Online I go by the alias of Shuuda. I am currently living North Yorkshire, England. In 2011 I graduated from the University of Hull with a first class degree in Design for Digital Media, where I studied both the creative and theoretical sides of the digital technology and the internet.
As someone who is passionate about about video games than the fantasy genre, I am highly interested in how stories can be told through interactive media. I concern myself with how the genre is portrayed within the medium and its implications. I give it both criticism and praise, but mostly criticism. Writing fiction has been my hobby for many years, and I feel that video games have influenced and inspired the content of my work in recent times.
Quite recently there was an article on Rock, Paper, Shotgun about how EA and Maxis are using silence to suppress talk of their blunderings in SimCity. This was something picked up and discussed by Jim Sterling, and I thought it would rather hip of me to cling to their coat trails like a bitey dog and chew through some of my own opinions on the topic.
I do not believe there needs to be constant talk of SimCity, and perhaps more importantly I do not believe that EA will getaway scot free from all their shoddy practices. I see their recent woes of losing their CEO as a sign that their decisions are coming back to haunt them. While silence might blot out certain issues in the short-term, it cannot cure them of their reputation. That is something that has been building up for many years, getting worse with each anti-consumer choice they run with.
Ultimately, while we might want EA to answer us, what are the odds that they would ever give us anything better than the usual excuses and PR talk? Given the whole open letter thing they issued in their futile attempt to address why they were so unpopular, it seems that either EA intend on feeding us nonsense or they have simply deluded themselves and as a result are completely in the dark as to why things are not going their way. Even if EA were to suddenly become more vocal I doubt they would ever just come out and say what we actually want them to say. I certainly am not interested in hearing whatever twaddle EA or Maxis still has left to spout over SimCity.
So while I'm not interested in what EA have to say about anything at this point, I do think there is still potential value in a continued discussion of games like SimCity. However, it is a rather condescending reason.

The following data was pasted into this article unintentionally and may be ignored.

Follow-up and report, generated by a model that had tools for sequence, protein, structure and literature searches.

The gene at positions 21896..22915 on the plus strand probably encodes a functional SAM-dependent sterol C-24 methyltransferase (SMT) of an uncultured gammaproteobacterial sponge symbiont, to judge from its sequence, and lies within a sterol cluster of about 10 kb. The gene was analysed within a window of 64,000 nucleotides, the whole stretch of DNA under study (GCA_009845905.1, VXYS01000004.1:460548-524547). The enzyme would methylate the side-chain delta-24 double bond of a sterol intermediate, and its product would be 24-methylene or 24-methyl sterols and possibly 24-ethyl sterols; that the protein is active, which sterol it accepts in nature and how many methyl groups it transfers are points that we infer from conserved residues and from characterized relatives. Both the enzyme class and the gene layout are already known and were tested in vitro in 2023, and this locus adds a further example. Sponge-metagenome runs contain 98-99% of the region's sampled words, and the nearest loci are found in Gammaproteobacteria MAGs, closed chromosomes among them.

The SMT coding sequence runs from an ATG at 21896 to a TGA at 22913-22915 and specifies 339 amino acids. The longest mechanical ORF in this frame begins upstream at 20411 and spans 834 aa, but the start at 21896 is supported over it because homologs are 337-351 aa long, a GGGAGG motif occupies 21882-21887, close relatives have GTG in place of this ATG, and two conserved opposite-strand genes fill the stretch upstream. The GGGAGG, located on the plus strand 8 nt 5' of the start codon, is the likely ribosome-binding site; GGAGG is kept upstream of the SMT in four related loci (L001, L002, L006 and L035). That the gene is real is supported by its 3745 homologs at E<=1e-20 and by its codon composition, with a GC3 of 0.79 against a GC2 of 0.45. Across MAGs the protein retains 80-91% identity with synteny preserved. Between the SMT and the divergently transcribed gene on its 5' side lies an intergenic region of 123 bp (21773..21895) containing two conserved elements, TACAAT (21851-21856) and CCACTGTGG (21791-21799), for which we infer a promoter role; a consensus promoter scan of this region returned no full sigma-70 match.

A lot of gamers seem to have a bit of a problem. Whether it is a problem with their memory, or that they forgive companies too easily, or just that they are convinced some games cannot fail. It should not have been at all a surprise when SimCity's servers balls up, or the game turned out to be a front loaded piece of tripe. The questions that needs to be asked is this; how many people, even though they saw the mess with Diablo III still went out and bought SimCity? How many people who hold grudges against EA for ruining games also went out and bought SimCity? A game published by EA with always online DRM, surely that should have been a warning light to everyone to maybe give it some time before pre-ordering or rushing to get it on day one. It would nice to think it is merely the rabble who keep falling for the traps, but I have an ill feeling that even passionate gamers are also biting the lure over and over again.
Doubtless the same kind of thing will happen with pre-order hypes. Rather than take the lessons of Aliens: Colonial Marines, people will lap up the next big game's pre-order carrot. Bioshock Infinite also had a ridiculous gimmick with its pre-ordering on Steam. The fact that game turned out to not be crap makes me wonder whether gamers are going to become complacent on the issue of pre-order bollocks, at least until the next big bomb where they get screwed over.
Coming back to an issue time and time again would seem less for the purpose of getting an answer from the publishers or developers, but rather to remind the gamers. If EA wants to stay silent and not satisfy us with an answer then more power to them.
So while I do not believe we need to bring up SimCity every week, it certainly would do no harm to bring it up prominently the next EA are on the brink of publishing a game “that can't possibly fail”, or the next time we see a game with always online DRM. I mean seriously bring it up. Smack people in the face with it when the time is right like a cold, wet fish. More importantly, gamers need to remember the history of their medium and hold it with greater reverence.